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# equilibria with free competition and with a monopoly

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Here's what I think I know about the answer: to get the \$ value of DWL you have to take the area of the aggregate surplus under perfect competition and substract the area of the aggregate surplus under monopoly (helps to make a little graph.) The funny thing is, my main problem is I don't know the geometry necessary to do that. There may be another method, I'll leave it to you.

Here's the problem:

I am considering giving a patent for a new drug. The public demand is given by: P = 120 - 10Q, where Q is quantity of the drug and P is price. If the marginal cost of production is given by MC = 2Q, what will be the monetary value of the efficiency loss of granting the company monopoly power (meaning a patent)?

Remember that a marginal revenue function can be derived from a linear demand function by doubling the slope of that function.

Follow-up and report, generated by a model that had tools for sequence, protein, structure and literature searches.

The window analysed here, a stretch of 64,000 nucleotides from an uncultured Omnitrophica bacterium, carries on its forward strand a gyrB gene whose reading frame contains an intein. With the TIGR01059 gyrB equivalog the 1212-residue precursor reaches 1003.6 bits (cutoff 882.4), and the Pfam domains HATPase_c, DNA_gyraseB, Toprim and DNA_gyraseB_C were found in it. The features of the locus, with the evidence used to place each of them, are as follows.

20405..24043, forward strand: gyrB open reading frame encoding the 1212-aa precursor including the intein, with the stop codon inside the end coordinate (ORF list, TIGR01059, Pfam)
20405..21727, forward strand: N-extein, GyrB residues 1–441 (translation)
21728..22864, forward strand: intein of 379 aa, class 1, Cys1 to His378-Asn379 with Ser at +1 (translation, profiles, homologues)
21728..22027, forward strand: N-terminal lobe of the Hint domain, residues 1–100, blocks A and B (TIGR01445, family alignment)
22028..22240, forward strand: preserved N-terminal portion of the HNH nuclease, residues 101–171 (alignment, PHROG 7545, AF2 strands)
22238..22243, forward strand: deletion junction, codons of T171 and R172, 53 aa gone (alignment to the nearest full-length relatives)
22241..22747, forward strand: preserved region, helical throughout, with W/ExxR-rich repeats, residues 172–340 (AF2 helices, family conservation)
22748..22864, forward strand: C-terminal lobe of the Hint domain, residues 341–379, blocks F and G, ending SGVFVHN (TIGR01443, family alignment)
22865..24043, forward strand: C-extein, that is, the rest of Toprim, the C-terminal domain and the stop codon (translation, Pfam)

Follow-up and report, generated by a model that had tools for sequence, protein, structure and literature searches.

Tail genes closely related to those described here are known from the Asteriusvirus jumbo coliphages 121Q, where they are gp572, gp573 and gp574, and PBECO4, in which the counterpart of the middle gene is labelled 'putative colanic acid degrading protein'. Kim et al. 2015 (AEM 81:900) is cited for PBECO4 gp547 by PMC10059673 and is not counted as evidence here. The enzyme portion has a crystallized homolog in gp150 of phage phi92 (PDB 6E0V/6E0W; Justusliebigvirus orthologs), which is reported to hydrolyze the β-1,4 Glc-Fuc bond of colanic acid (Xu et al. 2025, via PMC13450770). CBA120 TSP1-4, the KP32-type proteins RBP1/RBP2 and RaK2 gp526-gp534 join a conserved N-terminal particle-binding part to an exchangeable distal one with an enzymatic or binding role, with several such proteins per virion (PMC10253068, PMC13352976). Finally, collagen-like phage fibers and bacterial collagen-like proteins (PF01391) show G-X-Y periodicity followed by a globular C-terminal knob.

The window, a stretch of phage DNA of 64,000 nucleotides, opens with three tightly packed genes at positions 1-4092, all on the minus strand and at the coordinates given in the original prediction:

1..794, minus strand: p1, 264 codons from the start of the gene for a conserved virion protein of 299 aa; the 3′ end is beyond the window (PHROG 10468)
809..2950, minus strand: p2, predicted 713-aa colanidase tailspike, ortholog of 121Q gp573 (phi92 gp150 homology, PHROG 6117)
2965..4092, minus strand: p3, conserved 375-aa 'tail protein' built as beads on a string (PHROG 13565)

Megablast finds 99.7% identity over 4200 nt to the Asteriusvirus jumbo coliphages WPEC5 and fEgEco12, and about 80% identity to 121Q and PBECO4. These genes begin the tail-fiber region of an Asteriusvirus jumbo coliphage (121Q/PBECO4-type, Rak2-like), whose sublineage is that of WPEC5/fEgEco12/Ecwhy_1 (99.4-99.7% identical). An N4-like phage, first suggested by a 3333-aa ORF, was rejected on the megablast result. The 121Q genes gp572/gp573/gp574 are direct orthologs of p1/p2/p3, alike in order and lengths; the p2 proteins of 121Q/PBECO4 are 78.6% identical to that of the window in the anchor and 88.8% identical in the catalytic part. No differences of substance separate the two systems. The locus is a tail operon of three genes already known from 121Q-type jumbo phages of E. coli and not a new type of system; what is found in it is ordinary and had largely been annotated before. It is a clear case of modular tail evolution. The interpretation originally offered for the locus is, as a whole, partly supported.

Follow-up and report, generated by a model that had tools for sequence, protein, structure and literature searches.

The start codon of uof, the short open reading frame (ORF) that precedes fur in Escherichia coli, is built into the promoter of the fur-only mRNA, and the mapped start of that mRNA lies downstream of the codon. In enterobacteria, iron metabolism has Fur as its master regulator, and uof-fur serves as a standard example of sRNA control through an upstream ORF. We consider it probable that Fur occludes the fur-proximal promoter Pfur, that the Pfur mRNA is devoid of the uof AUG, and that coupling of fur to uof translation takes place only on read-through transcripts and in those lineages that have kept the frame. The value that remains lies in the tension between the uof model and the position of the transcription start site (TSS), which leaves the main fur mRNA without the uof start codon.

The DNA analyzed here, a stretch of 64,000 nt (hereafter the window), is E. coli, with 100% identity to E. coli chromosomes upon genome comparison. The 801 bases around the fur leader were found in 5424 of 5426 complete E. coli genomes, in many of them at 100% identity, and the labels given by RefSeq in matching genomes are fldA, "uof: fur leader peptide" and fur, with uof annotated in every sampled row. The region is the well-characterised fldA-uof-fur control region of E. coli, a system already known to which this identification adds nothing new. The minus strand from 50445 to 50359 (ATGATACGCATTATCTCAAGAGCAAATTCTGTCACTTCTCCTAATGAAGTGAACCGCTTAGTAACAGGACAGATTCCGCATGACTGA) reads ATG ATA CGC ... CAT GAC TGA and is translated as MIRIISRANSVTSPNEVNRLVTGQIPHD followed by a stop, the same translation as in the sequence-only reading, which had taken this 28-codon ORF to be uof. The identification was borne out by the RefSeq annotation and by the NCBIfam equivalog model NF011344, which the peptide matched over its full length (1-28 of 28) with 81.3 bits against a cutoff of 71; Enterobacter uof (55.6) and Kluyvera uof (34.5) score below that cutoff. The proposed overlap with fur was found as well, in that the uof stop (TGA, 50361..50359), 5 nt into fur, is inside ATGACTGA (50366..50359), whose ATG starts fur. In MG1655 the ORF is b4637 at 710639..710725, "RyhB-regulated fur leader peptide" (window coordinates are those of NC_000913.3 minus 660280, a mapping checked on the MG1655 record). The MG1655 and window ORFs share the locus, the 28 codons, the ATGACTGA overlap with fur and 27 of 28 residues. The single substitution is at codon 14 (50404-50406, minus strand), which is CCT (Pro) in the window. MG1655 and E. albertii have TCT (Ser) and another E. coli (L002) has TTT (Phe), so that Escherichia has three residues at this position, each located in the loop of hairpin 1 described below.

https://brainmass.com/economics/general-equilibrium/equilibria-with-free-competition-and-with-a-monopoly-67942

#### Solution Preview

Hello!
Let's first determine the equilibria with free competition and with a monopoly.

Under perfect competition, equilibrium arises when demand is equal to MC. So we have:

120 - 10Q = 2Q

12Q = 120

Q = 10

Now, plugging this equilibrium Q into the demand equation, we get that the equilibrium price is 20.

Under a monopoly, equilibrium arises when Marginal Revenue is equal to MC. We use the general formula that states that when demand is of the form A - B*Q, then marginal income is A - 2B*Q. So in this case, marginal revenue is 120-20Q. Now we find the equilibrium:

120 - 20Q = 2Q

22Q = 120

Q = 5.4545...

Plugging this Q into the demand ...

#### Solution Summary

Determine equilibria with free competition and with a monopoly.

\$2.19